Kraftwerk – Ralf und Florian

October 1973 saw the release of Kraftwerk‘s third album (that is to say, their third under that name, anyway) Ralf und Florian. It’s strange to think now of these two young Germans, one in a suit and the other with a mullet and side parting, at a time in their career when they were just messing around and didn’t entirely know what they were doing. Later Kraftwerk albums built a reputation around being polished and robotic, but the early releases couldn’t be more different.

Ralf und Florian opens with Elektrisches Roulette, an explosion of unmelodic and largely randomly timed hitting of things. It’s not as electronic as the title suggests, and that’s hardly surprising really – the synthesisers of the early 1970s were pretty crude by modern standards. There’s a bit of the typical early electric flute work, but in general, this is little more than a jam.

If there are parallels to Kraftwerk‘s later career, these tracks are probably closest to Autobahn, particularly the second half of the album, but even there, the focus was much more on melody and much less on just noodling. Tongebirge is evocative and gloriously Alpine, but it’s also lacking in any of the tight hooks that you might associate the Düsseldorfers with nowadays.

They were always undeniably and gloriously Teutonic, but what’s fascinating about Ralf und Florian is that it’s much more of a backwards, inward-looking Germanic feel, as opposed to the futuristic, efficient sound that typified them later. Kristallo is a pleasant piece, much more electronic than either of the earlier tracks, with a warbling deep electronic bass part and some pleasant chord noodling, and this is very clearly the work of two people rather than the four that we would come to know and love.

Heimatklänge translates as something “the sound of home,” and maybe this is just because of the long-running television series Heimat, which came much later, but it does seem to evoke a strong pre-war German feeling for me. It’s very rural, with the flute and piano work, and generally pretty nice. This album could definitely do with a proper remaster, though – the vinyl-sourced bootlegs are pretty fuzzy – as with much of Kraftwerk‘s history in the last couple of decades, it feels as though they’re trying to whitewash their past with über-perfektionism rather than accepting the albums as a produkt of their time.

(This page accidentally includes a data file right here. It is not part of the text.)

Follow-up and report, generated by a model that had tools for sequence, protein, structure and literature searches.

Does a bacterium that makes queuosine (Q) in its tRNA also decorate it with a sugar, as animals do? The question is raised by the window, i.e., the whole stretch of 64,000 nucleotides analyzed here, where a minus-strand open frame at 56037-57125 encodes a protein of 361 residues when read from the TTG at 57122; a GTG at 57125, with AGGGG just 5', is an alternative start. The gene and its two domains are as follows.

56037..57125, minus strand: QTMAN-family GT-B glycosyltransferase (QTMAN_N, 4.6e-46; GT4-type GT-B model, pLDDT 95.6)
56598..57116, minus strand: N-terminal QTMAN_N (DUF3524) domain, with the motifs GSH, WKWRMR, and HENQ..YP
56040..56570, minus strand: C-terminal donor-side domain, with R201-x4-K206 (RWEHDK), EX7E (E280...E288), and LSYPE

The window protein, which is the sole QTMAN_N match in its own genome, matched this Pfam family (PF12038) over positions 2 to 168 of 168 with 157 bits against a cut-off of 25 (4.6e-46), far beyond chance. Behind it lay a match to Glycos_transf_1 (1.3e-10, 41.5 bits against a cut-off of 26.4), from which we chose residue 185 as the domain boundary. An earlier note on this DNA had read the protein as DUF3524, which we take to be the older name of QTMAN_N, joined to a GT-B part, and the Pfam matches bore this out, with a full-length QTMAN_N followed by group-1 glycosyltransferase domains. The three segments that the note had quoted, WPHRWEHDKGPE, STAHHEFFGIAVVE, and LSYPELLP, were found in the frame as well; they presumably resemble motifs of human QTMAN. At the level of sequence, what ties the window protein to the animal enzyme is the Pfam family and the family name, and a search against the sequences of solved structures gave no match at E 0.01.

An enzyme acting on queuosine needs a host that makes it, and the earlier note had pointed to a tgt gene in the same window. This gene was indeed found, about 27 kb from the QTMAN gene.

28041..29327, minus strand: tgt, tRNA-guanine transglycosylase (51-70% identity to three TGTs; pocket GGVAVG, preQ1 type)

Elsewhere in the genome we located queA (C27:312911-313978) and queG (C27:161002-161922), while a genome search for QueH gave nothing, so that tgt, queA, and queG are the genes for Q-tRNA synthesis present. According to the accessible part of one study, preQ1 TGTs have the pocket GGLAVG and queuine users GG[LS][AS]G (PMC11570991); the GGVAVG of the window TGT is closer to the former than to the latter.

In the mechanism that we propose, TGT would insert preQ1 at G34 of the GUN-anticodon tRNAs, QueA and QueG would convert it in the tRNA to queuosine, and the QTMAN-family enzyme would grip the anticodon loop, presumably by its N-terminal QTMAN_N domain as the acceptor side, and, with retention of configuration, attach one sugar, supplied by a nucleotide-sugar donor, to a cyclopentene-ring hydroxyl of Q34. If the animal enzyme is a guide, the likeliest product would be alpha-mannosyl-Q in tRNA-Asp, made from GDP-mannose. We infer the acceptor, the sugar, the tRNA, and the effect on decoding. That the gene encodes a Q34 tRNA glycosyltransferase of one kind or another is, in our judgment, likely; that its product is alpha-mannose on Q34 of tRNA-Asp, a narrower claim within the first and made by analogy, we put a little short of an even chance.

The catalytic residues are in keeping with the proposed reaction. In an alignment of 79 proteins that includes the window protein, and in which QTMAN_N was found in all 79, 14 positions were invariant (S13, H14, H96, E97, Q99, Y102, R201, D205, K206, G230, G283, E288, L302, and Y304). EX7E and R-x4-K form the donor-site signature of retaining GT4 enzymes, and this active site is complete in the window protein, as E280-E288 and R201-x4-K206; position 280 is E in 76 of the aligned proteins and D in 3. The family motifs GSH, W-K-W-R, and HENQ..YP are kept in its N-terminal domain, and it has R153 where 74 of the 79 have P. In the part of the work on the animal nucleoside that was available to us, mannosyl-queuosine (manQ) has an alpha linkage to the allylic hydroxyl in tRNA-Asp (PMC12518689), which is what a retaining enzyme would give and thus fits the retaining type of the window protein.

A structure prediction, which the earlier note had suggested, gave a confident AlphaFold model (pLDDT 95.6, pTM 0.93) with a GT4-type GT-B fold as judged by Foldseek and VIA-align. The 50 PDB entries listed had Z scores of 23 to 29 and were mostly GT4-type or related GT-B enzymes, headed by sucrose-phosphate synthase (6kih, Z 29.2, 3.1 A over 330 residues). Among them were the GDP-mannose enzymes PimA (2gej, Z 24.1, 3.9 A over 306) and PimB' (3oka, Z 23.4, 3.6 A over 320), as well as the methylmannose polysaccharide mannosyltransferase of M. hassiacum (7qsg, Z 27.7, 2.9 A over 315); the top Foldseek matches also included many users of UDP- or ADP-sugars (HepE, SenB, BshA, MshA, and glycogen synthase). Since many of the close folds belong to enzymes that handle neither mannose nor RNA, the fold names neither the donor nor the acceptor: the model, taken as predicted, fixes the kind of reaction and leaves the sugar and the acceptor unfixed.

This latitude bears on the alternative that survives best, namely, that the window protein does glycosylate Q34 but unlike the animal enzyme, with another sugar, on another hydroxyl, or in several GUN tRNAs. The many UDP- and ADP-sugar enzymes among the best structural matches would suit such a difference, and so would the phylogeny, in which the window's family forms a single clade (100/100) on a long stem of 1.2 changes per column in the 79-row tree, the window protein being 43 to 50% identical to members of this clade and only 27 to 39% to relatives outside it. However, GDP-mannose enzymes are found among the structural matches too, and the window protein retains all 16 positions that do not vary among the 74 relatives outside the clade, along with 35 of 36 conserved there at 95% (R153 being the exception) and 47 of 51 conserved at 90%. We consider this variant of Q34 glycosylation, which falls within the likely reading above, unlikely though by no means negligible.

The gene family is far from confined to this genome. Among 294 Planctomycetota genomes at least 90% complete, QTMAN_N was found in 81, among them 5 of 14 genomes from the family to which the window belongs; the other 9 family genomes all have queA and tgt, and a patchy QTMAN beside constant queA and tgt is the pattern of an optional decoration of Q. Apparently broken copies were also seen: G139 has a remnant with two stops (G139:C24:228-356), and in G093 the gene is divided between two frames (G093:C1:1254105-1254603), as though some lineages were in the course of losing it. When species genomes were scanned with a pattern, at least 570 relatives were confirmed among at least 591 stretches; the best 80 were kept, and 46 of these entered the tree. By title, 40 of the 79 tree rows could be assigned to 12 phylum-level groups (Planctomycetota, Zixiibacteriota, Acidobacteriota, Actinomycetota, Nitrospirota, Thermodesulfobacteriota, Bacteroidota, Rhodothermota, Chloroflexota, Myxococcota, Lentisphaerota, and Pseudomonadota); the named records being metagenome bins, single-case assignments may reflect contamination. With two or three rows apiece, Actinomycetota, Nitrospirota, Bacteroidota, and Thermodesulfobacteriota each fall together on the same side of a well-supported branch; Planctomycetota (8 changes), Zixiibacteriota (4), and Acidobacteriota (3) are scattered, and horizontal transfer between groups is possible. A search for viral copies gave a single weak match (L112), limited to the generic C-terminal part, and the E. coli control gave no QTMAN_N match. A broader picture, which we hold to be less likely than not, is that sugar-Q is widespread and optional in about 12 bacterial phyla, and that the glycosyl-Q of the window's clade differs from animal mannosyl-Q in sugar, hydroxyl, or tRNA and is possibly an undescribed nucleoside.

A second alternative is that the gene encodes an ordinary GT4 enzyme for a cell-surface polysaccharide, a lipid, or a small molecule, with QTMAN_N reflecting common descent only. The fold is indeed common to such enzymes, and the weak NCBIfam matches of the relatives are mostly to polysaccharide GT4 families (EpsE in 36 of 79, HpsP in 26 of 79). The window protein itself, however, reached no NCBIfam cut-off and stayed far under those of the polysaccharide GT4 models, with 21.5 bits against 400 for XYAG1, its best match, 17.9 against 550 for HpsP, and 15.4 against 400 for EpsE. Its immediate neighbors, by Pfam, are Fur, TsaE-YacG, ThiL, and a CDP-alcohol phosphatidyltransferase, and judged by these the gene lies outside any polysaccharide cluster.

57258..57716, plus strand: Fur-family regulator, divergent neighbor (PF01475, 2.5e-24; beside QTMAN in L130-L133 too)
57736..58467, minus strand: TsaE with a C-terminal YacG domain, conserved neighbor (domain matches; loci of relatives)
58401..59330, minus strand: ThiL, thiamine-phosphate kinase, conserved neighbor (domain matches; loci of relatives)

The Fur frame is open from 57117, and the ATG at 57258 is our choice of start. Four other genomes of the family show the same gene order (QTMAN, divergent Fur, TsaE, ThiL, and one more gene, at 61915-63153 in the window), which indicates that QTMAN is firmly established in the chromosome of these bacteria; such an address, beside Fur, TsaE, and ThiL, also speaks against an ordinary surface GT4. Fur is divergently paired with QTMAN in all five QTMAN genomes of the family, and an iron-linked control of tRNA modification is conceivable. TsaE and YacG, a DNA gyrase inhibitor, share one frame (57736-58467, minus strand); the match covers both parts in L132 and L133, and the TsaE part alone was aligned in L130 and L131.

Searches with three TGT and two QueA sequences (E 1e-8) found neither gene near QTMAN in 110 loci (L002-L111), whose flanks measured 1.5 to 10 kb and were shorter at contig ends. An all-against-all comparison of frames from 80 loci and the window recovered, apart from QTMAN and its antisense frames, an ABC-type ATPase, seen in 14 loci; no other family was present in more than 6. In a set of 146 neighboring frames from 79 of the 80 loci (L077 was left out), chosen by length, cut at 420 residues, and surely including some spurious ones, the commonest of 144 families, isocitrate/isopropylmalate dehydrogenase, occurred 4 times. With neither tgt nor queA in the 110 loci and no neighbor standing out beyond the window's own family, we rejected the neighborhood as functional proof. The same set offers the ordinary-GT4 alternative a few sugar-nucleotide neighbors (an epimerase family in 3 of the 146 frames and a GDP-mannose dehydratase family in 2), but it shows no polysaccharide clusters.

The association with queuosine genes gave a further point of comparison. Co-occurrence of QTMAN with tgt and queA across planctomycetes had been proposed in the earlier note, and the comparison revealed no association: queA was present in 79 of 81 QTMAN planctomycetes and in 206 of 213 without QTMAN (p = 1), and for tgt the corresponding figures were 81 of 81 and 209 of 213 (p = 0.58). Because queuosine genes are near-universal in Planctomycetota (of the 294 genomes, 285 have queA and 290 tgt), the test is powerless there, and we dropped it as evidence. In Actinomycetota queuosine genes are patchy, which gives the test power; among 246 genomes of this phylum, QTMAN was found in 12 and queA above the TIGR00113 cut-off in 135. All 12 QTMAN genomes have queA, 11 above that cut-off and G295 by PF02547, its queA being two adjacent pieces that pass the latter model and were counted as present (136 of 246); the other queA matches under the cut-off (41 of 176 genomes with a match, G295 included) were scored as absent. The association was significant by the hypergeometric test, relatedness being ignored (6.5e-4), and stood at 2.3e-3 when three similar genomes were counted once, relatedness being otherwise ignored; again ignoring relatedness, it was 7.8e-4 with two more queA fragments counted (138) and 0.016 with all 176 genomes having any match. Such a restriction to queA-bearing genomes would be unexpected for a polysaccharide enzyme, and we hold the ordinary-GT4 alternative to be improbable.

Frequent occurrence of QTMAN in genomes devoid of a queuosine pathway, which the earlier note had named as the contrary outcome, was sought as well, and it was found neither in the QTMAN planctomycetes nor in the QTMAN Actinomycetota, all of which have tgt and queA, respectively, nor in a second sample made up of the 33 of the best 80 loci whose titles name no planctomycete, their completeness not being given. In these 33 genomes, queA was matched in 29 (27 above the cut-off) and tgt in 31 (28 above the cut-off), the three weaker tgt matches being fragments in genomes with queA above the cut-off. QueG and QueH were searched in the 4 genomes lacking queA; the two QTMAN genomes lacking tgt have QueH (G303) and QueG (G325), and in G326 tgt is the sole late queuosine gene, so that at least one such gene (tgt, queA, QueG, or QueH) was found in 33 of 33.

In that context, Tanzmusik is all the more interesting – it’s definitely a dance track, but in the style of something that was already at least three or four decades old by the time this album came out. It’s nice, and I can see people dancing to it at the duo’s early avant-garde concerts, but it is a little strange.

Finally, right at the end of the album, we get the fourteen minute Ananas Symphonie (“pineapple symphony”), with some intriguing early vocoder and synth pad work that definitely foreshadows some of their later hits. In keeping with the title, it’s less Germanic, and more tropical, almost Hawaiian at times. As with much of this release, it’s intriguing as a preview of the eight exquisite albums that would follow. Unless you were being intentionally perverse, I think most people would be unlikely to call this one release out as the one Kraftwerk album that you have to own, but it’s definitely good to hear, and I’m honestly a little disappointed that it has never received the remastering and reissuing treatment.

As with all of their early material, Ralf und Florian has been out of print for several decades now. If you search, you’ll find original vinyl, bootlegs, and a confusing Soundcloud account called “Kraftwerk official”, which is different from the official Kraftwerk account, so probably isn’t official.


1 thought on “Kraftwerk – Ralf und Florian

  1. Pingback: Greatest Hits 2020 | Music for stowaways

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